About the author

2013-08-20T13:42:00Z 2013-08-23T15:20:08Z About the authorThe Associated Press The Associated Press

Elmore John Leonard Jr. was born in New Orleans on Oct. 11, 1925.

His father, a dealership scout for General Motors, moved the family from city to city before settling in Detroit. Nicknamed “Dutch” after a Washington Senators knuckleball pitcher with the same surname, young Elmore Leonard went on to serve in World War II. His bad eyesight consigned him to a job as store manager for the Seabees, doling out beer for the troops.

After graduating from the University of Detroit in 1950, Leonard married his college sweetheart, Beverly Cline, and took a job with a local advertising agency. He nurtured his fiction habit in private. In 1951, he published his first short story in Argosy magazine for $1,000. His first novel, “The Bounty Hunters,” came out in 1954.

Two of his early stories became popular Western movies, “The Tall T” with Randolph Scott and “3:10 to Yuma” with Glenn Ford, both in 1957. The latter was remade in 2007 with Russell Crowe.

By the end of the 1950s the Western market was saturated, so to support his wife and five children, Leonard turned to writing scripts for educational films.

Then, in 1967, 20th Century Fox bought the rights for his novel “Hombre” for $10,000. The resulting film, starring Paul Newman as a white man raised by American Indians, was only a moderate box-office success, but it gave Leonard the financial cushion he needed to reboot his fiction.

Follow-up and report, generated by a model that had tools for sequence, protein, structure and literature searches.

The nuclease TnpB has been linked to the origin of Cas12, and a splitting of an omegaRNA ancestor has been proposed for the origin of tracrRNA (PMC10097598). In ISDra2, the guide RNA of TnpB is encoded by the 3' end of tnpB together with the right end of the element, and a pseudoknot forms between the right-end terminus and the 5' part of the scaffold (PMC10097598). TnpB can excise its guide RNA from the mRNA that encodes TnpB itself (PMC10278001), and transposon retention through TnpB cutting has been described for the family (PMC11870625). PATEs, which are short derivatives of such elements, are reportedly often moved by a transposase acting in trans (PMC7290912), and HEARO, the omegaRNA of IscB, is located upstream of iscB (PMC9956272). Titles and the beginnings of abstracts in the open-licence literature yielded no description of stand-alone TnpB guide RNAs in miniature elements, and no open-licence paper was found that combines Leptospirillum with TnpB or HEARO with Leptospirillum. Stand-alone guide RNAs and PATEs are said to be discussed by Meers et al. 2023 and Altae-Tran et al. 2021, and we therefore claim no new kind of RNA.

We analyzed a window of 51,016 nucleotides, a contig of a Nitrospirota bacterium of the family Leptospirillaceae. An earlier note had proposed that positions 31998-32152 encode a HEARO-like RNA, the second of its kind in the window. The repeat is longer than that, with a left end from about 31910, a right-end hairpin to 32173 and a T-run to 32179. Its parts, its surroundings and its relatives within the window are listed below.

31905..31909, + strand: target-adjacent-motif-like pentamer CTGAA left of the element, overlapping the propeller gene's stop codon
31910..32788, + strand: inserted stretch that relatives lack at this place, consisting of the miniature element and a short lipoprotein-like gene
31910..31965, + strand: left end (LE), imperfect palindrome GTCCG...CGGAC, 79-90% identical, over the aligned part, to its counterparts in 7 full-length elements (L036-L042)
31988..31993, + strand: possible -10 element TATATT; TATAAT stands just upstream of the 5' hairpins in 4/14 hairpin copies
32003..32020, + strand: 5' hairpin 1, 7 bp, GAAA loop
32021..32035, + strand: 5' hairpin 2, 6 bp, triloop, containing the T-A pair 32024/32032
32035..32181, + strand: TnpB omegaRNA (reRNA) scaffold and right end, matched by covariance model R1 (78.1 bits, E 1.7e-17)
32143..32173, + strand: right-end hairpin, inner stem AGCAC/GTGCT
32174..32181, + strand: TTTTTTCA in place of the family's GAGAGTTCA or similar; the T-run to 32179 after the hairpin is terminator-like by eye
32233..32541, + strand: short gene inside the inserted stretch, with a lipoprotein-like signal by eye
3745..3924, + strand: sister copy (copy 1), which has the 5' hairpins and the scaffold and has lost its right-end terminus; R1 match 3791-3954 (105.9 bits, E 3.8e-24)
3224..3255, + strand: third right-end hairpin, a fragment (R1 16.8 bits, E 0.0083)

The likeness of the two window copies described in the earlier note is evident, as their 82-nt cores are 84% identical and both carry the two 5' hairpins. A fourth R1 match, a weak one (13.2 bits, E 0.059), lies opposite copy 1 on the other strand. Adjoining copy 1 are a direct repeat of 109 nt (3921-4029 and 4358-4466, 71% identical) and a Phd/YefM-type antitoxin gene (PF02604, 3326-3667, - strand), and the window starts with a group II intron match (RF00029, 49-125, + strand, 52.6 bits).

His next book, “The Big Bounce,” the story of an ex-con falling into the clutches of a psychotic young seductress, was rejected 84 times before finding a publisher. It found devoted readers, though, and it placed Leonard for the first time in his natural milieu — the modern American underworld — while planting the seeds for the great work of the 1970s and early 1980s, including “City Primeval,” “Split Images,” “Stick” and “52 Pick-Up.”

This was also a time of personal turmoil for Leonard. His first marriage ended in divorce, and his heavy drinking was a contributing factor.

“I’d been drinking since I was a kid,” he told People magazine, “and for 20 years I was a happy drunk. Then I started to get wild.” He joined and dropped out of Alcoholics Anonymous three times before he quit alcohol entirely. “I had my last drink at 9 a.m. on Jan. 24, 1977,” he said. “I think it was Scotch and ginger ale.”

Two years later he married Joan Shepard. She died in 1993. His third marriage, to Christine Kent, ended in divorce. Survivors include five children from his first marriage, 13 grandchildren and five great-grandchildren.

Hollywood had long warmed to Leonard’s taut, dialogue-heavy yarns. “The Big Bounce” was filmed twice. (Leonard hated both versions.) “Joe Kidd” (1972) featured Clint Eastwood as a bounty hunter tracking a Mexican revolutionary, and “Mr. Majestyk” (1974) starred Charles Bronson as a farmer battling the syndicate.

More successful were Barry Sonnenfeld’s “Get Shorty” (1995), about a loan shark who finds little difference between organized crime and the film industry; and Steven Soder-

bergh’s “Out of Sight” (1998), in which a deputy U.S. marshal fights and eventually resolves her feelings for a handsome jailbreaker.

In recent years, Leonard’s work inspired the FX television series “Justified,” with Timothy Olyphant as a federal lawman busting heads in the hill country of eastern Kentucky.

Contact Hipolito R. Corella at 573-4101 or corella@azstarnet.com. On Twitter: @policorella

Copyright 2014 The Associated Press. All rights reserved. This material may not be published, broadcast, rewritten or redistributed.

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